Tech tidbits from around the web.
10/7/2016 6:48:12 PM
Groove Music is updated in Windows 10 Insider Preview
Yesterday, I wrote about a big update to the Photos app in the Fast ring of the Windows 10 Insider Preview. But Groove Music also got a huge update. I tweeted about this yesterday, but here’s a quick rundown of the new features, courtesy of Microsoft’s Ellen Kilbourne:
- There are a few UX updates throughout the app…see if you can spot them all!
- You can use your voice to navigate the app on Xbox One consoles.
- You can select items in the app with a single click now.
- Sign in will work more reliability because we changed the way we check your region.
- We did work to ensure the correct track title and album title are displayed in playlists you follow.
- The Navigation Pane in Groove Music on Xbox One console has been resized to fit better on average sized screens.
- You can give detailed feedback in the Groove Music app. >-This change makes it easier for us to triage incoming feedback! Check the settings page for these new options.
- We updated the way we create version numbers so that it’s easier for us to tell when a version was produced just by looking at the version number – this one was built in the second half of September 2016 so 16092.
Sleeping with the enemy: Runtastic + Google Play Music
Google announces a new partnership with Runtastic, which you may recall is/was a Microsoft Band partner as well.
Google Play Music has teamed up with Runtastic, the leading fitness tracking tool, to offer Android users a new music experience with fitness playlists that help you forget the burn and focus on the beats as you work out.
Runtastic Running & Fitness Android app users can access a wide array of workout playlists to suit any mood or activity curated by Google Play Music. Whether you’re jogging on the open road or in gym mode, Google Play provides music to suit your preferred workout style directly in the Runtastic app so you can keep track of your fitness goals and your music at the same time in one place.
After opening the Runtastic app’s music section, users will be presented with relevant workout playlists that they can play, pause and skip directly within the Runtastic app.
I don’t go running, but this is a neat idea. I assume there are other partnerships like this.
Oculus held a press conference and you’re not going to believe what happened next
A couple of items of interest from this week’s Oculus Connect press conference…
Ars Technica reports that Oculus has lowered the PC hardware requirements for its VR headset.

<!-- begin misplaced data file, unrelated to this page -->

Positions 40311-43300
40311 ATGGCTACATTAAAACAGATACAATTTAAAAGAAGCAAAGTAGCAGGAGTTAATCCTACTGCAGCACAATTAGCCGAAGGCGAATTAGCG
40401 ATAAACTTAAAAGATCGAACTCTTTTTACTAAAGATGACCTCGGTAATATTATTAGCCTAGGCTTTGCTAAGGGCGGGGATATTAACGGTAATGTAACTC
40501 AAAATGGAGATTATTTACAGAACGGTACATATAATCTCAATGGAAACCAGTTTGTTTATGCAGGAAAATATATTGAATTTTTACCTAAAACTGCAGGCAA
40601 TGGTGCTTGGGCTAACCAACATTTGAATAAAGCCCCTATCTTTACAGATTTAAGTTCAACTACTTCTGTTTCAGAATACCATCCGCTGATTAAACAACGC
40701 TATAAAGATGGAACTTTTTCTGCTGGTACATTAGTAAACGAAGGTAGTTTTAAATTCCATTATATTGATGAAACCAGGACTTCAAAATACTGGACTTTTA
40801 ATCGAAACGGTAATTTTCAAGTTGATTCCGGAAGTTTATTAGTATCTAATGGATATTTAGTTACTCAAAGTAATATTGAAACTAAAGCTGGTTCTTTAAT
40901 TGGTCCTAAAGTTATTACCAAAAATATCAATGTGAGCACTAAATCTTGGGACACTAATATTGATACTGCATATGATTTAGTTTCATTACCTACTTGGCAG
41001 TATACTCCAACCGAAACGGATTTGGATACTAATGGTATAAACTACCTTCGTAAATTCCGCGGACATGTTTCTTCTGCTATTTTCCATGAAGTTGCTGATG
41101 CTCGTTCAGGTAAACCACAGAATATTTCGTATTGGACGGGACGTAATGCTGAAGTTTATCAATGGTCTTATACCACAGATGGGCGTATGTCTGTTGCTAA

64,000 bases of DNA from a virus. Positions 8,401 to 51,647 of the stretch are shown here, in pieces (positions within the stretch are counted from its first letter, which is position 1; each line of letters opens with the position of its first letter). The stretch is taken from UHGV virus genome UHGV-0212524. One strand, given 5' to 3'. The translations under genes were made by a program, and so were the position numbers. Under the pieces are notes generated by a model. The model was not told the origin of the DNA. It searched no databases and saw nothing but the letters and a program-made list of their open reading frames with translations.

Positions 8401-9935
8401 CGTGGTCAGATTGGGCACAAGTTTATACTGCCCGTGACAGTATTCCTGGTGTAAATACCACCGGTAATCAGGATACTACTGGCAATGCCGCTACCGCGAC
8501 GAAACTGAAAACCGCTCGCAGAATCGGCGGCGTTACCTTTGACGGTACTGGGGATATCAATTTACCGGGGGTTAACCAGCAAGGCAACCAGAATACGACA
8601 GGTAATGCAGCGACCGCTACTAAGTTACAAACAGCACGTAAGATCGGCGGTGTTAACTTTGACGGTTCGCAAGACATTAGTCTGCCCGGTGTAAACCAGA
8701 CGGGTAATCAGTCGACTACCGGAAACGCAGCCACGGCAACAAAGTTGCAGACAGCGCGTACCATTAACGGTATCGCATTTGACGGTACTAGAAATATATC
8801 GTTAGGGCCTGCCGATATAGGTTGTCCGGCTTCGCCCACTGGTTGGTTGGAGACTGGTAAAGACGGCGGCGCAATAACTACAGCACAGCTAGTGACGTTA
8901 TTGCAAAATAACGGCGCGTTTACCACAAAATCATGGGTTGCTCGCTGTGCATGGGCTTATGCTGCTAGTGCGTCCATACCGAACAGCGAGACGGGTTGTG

When Oculus first announced the minimum PC specs for the Oculus Rift, the headset needed an Nvidia GTX 970 equivalent and an Intel i5-4590 to run acceptably. Now without changing the hardware, Oculus has used a new software API called “asynchronous spacewarp” to officially lower that recommended spec. Today, Oculus says the Rift will run acceptably on any machine with an Nvidia 960 or greater and an intel i3-6100 (or AMD FX4350) or greater.
Oculus is also certifying four Oculus-ready laptops from the likes of ASUS, Alienware, Lenovo, Aorus. Iribe promised that, within a few years, there will be hundreds of laptops that meet that Oculus Ready spec. For now, though, Oculus CEO Brendan Iribe said “PC VR is more affordable than ever.
And Windows Central notes that Oculus Rift is also looking to a PC-less future.
Oculus showed a video demo of a prototype Oculus Rift VR headset that did not need to be hooked up to a PC during the company’s Oculus Connect keynote today. Little else about the headset was revealed.
The video demo showed what looked very much like the current Oculus Rift headset, except that it didn’t have any wires to connect to a PC or smartphone. The standalone prototype used positional tracking, according to Oculus, but other than that, there was no word on the headset’s hardware specs. There was also no information on how much this will cost or when the final version will be released. It sounds like this product won’t be out for a while, but it does show that Oculus, and its parent company Facebook, have their eyes set for freeing their VR headset from the PC.
Google actually advertises their new phones
Well, this is something we never really saw with Nexus. Reuters reports:
Google’s new “Pixel” smartphone is off to a fast marketing start with $3.2 million in television ads in two days since it announced the upcoming launch, and ad executives expect Google to spend hundreds of millions more to keep up with rivals Samsung and Apple.
Random aside: Why “Pixel”? They’re called Pixel. No quotes are needed. Does Reuters write Apple’s “iPhone”? I bet they don’t. Anyway…
Google declined to discuss how much it will spend advertising the Pixel but Google Vice President of Product Management Mario Queiroz told Reuters it was a “very significant marketing campaign”.
He said the tech giant may buy ads during Thanksgiving football games. Such ads can cost around a million dollars, according to a media buyer, who wished to remain anonymous.
Over the two days of the Google launch, when the company could be expected to spend heavily, Apple spent $2.45 million and Samsung spent $1.4 million, according to iSpot.tv, showing a competitive start for the Pixel.
Apple probably spends $2.5 million a day just advertising on billboards in San Francisco.
Tagged with Thurrott Daily